Florian Habicht is a New Zealand-based filmmaker known for the cult film “Woodenhead,” “Kaikohe Demolition,” critically acclaimed “Love Story,” and now “Pulp: a Film about Life, Death & Supermarkets.” Born in Berlin, Habicht moved with his family (his father is 60’s photographer Frank Habicht) to New Zealand in the early 80’s, where he studied at the Elam School of Fine Arts in Auckland. He later studied at Binger Filmlab in Amsterdam. Habicht has two feature scripts in development, and is currently touring festivals.
Bernard McDonald is a New Zealand-based film and pop culture writer, and formerly founder and editor “Pavement” magazine, a youth culture magazine that ran from 1993-2006. Focusing on contemporary culture from New Zealand and abroad, “Pavement” featured rising stars in music, art, film, fashion, and design, and consistently pushed cultural & creative boundaries.
One of the most popular and important British bands of the ‘90’s, Pulp was founded in Sheffield, England by Jarvis Cocker in 1978 and lingered in obscurity, undergoing line-up and style changes for almost 13 years. After 1995’s “Common People” became #2 on the British charts, Pulp became national superstars. With “Different Class” in 1996, Pulp was catapulted to international fame and continued to play and record until 2002, when they “sort of split up”. Pulp’s origins and 2011 reunion are chronicled in Florian Habicht’s 2012 documentary about the band.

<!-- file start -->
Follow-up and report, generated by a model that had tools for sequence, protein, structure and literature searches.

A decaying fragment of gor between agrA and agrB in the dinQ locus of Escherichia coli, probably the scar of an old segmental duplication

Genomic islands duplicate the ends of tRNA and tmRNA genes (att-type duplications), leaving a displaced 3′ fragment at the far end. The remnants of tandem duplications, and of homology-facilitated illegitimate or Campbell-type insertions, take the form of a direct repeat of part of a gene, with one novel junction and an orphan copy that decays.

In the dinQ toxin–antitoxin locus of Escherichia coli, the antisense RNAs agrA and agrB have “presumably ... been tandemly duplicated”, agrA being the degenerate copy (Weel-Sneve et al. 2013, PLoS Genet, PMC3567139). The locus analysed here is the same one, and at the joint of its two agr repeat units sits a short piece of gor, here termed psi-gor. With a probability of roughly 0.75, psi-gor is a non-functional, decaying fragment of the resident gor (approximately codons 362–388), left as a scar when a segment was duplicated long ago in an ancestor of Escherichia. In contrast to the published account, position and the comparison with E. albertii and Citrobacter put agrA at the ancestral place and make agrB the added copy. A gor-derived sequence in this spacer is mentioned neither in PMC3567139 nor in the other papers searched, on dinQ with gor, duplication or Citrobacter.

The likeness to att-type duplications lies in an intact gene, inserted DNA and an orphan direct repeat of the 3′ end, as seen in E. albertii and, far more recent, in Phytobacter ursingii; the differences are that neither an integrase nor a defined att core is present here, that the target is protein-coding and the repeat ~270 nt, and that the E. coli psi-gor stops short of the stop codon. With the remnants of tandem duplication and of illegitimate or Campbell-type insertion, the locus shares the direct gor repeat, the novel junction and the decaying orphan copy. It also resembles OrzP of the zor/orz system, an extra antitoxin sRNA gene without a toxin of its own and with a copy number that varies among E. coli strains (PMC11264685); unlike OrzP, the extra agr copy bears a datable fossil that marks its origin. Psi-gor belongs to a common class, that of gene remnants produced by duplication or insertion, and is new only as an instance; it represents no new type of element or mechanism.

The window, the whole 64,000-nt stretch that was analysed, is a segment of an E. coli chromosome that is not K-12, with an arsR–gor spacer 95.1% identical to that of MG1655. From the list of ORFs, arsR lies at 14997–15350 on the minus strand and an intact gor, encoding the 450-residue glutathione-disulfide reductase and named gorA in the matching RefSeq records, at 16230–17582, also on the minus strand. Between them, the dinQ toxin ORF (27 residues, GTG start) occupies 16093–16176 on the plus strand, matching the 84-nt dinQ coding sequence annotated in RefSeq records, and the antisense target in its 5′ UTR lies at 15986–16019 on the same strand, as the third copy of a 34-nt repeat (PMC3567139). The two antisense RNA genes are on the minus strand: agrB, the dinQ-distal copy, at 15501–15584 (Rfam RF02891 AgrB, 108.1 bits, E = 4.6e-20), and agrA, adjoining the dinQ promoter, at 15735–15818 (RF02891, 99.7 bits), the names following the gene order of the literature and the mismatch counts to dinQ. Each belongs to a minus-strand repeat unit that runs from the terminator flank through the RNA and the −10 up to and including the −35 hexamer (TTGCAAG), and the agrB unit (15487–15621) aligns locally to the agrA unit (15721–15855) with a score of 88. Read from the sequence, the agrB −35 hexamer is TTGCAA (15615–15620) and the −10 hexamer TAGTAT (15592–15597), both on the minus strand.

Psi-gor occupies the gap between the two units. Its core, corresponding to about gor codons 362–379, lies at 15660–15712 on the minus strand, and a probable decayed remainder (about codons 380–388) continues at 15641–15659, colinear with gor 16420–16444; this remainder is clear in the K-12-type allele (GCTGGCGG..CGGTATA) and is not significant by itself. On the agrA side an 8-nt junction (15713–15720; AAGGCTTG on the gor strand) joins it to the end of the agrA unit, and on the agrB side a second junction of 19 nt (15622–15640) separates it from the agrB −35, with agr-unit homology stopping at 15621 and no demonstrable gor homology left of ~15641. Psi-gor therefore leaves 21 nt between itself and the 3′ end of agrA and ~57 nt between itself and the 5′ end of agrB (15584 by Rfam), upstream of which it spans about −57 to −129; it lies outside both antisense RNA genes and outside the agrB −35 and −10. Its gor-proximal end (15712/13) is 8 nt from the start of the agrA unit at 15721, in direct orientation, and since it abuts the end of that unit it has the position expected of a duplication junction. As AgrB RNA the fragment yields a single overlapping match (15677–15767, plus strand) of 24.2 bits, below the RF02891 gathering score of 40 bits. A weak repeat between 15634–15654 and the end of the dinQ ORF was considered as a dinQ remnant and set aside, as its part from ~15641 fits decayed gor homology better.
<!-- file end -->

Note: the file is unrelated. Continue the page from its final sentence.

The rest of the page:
Pulp: A Film about Life, Death & Supermarkets
Directed by Florian Habicht, “Pulp: a Film about Life, Death & Supermarkets” is a 2012 feature documentary about the band PULP, its frontman Jarvis Cocker, and the group’s birth city of Sheffield, England. The film contains exclusive footage of the band’s live show, testimonials by family and friends, and band members’ thoughts on fame, love, mortality, and car maintenance. Habicht specifically focuses on environment: how the residents and city of Sheffield itself shaped Pulp. The film premiered at SXSW in Austin, Texas.
A 2010 critically acclaimed film by Florian Habricht, which began with the opening sequence of a fictional love story, then sourced the rest of its plot from New Yorkers on the street: asking for love advice as well as what should happen next in the story. A beautiful woman (played by Masha Yakovenko) on the Coney Island train is both lead actress and object of desire to the leading man, played by Habricht, and the rest is dictated by passerby.
Lead vocalist and face of the band Pulp, which he founded in 1978 at the age of 15 in his hometown of Sheffield, England. The band was continuously in flux until the early 1990’s, when Cocker became a hit on British TV – suave and funny, a kind of national hero and sex symbol. After Pulp’s 1995 album “Common People” and 1996’s “Different Class,” Pulp and Cocker became international hits. In 2006, during the band’s hiatus, Cocker released a solo album entitled “Jarvis,” and in 2010, he started his radio show “Jarvis Cocker’s Sunday Service” on BBC.
Hardcase New Zealand director Florian Habicht leaves his trademark lo-fi approach to filmmaking in the dust with his polished and undeniably poignant portrait of one of the great British bands of the past three decades – Pulp.